In Death Penalty Debate, Remember the Victims

(Warning: this column contains descriptions of a violent crime and is unsuitable for children)
Last week, the state of Oklahoma conducted the lawful execution of Clayton Lockett, a man who was convicted of first degree burglary, assault with a dangerous weapon, kidnapping, robbery by force and fear, forcible oral sodomy, rape and first degree murder.

A timeline released by the Department of Corrections shows what witnesses to the execution knew immediately: the process of death by lethal injection took too long.

To avoid a repeat of last week’s prolonged execution, I have asked Department of Public Safety Commissioner Michael Thompson to conduct a thorough review of the events leading up to Lockett’s death. I have also asked the commissioner to develop a set of updated and improved execution protocols, and Department of Corrections Director Robert Patton to implement those protocols. While that process is taking place, the state of Oklahoma will delay its upcoming executions.

It is obvious that Lockett’s death has reignited a national debate over the death penalty. Some anti-death penalty advocates have even gone so far as to say that all Oklahomans have blood on their hands.

What these out-of-state pundits consistently forget to mention or even consider are Lockett’s victims. I would like to take this opportunity to remind them why Clayton Lockett found himself strapped to a gurney on April 29, and why the state of Oklahoma chose to take his life.

These are the facts, as agreed to by Lockett:

On June 3, 1999, Bobby Bornt was asleep on his couch at his home in Perry, Oklahoma, when his front door was kicked in. Clayton Lockett and two other men entered the house before beating Bornt with a shotgun. They duct taped his hands behind his back, gagged him and ransacked his house for drugs.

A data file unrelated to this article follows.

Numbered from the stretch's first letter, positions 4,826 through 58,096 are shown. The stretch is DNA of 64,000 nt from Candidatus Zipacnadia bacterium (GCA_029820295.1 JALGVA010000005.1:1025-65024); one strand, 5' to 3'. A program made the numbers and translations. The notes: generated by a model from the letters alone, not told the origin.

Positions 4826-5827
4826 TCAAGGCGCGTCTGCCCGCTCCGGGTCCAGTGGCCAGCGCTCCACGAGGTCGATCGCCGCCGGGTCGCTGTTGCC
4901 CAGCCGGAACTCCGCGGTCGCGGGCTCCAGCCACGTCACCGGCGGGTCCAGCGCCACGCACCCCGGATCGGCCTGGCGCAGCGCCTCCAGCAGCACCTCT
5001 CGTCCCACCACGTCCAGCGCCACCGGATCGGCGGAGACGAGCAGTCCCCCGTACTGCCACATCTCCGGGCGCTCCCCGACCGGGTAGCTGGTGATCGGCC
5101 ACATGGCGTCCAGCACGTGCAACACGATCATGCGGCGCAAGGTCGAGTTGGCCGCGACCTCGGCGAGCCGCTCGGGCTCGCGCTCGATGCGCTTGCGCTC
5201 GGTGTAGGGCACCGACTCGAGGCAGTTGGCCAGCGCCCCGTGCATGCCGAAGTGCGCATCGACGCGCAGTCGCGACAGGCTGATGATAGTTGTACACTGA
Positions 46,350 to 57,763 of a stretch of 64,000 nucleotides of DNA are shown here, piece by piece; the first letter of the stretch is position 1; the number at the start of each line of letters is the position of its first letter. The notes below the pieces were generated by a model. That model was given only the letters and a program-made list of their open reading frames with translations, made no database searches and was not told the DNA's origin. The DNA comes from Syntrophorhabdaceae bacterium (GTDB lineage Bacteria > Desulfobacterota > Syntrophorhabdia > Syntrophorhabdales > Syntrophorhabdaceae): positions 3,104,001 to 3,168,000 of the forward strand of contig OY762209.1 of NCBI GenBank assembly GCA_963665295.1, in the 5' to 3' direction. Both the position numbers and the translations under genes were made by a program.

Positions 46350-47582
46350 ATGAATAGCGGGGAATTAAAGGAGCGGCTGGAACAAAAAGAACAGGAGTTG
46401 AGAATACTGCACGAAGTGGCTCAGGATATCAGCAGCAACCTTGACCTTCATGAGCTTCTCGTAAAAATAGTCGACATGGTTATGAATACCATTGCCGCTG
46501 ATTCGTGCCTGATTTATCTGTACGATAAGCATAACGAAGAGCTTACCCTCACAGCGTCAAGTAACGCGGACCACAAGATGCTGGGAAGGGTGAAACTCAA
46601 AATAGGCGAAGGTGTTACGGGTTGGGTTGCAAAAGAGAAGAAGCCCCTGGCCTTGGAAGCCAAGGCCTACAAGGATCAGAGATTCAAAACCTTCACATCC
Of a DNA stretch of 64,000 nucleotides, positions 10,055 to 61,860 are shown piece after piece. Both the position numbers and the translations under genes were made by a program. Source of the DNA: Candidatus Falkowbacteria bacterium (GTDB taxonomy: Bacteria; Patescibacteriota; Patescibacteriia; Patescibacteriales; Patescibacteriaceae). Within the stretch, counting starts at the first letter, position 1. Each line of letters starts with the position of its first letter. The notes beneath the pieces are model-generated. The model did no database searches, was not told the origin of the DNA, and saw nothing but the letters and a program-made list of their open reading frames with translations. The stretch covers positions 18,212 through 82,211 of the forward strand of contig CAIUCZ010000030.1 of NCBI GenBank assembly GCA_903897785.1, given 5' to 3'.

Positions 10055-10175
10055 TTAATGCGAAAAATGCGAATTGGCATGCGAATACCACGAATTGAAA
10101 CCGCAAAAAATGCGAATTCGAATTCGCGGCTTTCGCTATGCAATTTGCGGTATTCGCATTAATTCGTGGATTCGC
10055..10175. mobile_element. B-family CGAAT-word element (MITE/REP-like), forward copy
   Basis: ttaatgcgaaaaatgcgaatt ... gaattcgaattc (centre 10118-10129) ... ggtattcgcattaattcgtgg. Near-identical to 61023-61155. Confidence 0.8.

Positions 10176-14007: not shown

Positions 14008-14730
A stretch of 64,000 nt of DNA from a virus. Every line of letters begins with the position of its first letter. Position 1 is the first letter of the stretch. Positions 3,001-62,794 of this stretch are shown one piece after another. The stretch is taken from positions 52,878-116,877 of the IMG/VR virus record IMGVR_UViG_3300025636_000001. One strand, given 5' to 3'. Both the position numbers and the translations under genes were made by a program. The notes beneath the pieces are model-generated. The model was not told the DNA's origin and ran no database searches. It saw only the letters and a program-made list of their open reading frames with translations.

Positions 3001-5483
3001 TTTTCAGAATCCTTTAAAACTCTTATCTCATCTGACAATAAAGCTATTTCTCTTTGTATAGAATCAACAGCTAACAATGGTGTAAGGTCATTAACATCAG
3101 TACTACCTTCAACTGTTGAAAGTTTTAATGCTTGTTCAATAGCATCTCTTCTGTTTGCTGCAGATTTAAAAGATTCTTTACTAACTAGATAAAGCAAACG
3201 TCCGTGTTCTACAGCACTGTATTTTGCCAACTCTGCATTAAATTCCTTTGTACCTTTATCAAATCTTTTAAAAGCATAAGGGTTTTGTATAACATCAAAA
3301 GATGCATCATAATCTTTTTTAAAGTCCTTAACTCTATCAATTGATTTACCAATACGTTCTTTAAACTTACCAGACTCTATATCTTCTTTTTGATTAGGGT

While Bobby Bornt was restrained, a female friend of his had the misfortune to arrive at the house (to protect her privacy I will not use her name). She was pulled inside by Lockett and his accomplices, beaten, and then ordered at gun point to call her friend, Stephanie Neiman, who was waiting outside in her pickup truck.

When Stephanie came inside she was also beaten. All three victims were then taken to a bedroom where Bobby Bornt’s nine month old son had been sleeping. The unnamed female victim was taken to two other rooms where she was raped – by both Lockett and an accomplice – in ways that are not fit to be printed.

All three victims were then loaded into two pickup trucks and taken to a rural, isolated area in Kay County. They stopped on a country road. Lockett took the unnamed female victim to the side of the road and again raped her. An accomplice then sexually assaulted her. “In order for you to live, this is what you have got to do,” he told her.

Meanwhile, one of Lockett’s accomplices dug a ditch. “Someone has got to go,” Lockett said.

Stephanie Nieman was taken to the ditch and Clayton Lockett shot her. His gun jammed. While Nieman lay wounded and screaming, Lockett fixed the gun, returned to the ditch and shot her again. While she lay in that ditch, still alive, an accomplice buried her.

A jury found Lockett guilty of these crimes, which he confessed to. A judge sentenced him to death. His legal appeals were heard and denied.

Lockett had his day in court. The state lawfully carried out a sentence of death. Justice was served. 

It is my hope that Stephanie Neiman’s family and friends, as well as Lockett’s surviving victims, have found some measure of closure and peace.

The people of Oklahoma do not have blood on their hands. They saw Clayton Lockett for what he was: evil. His execution means he will never again harm or terrorize another person.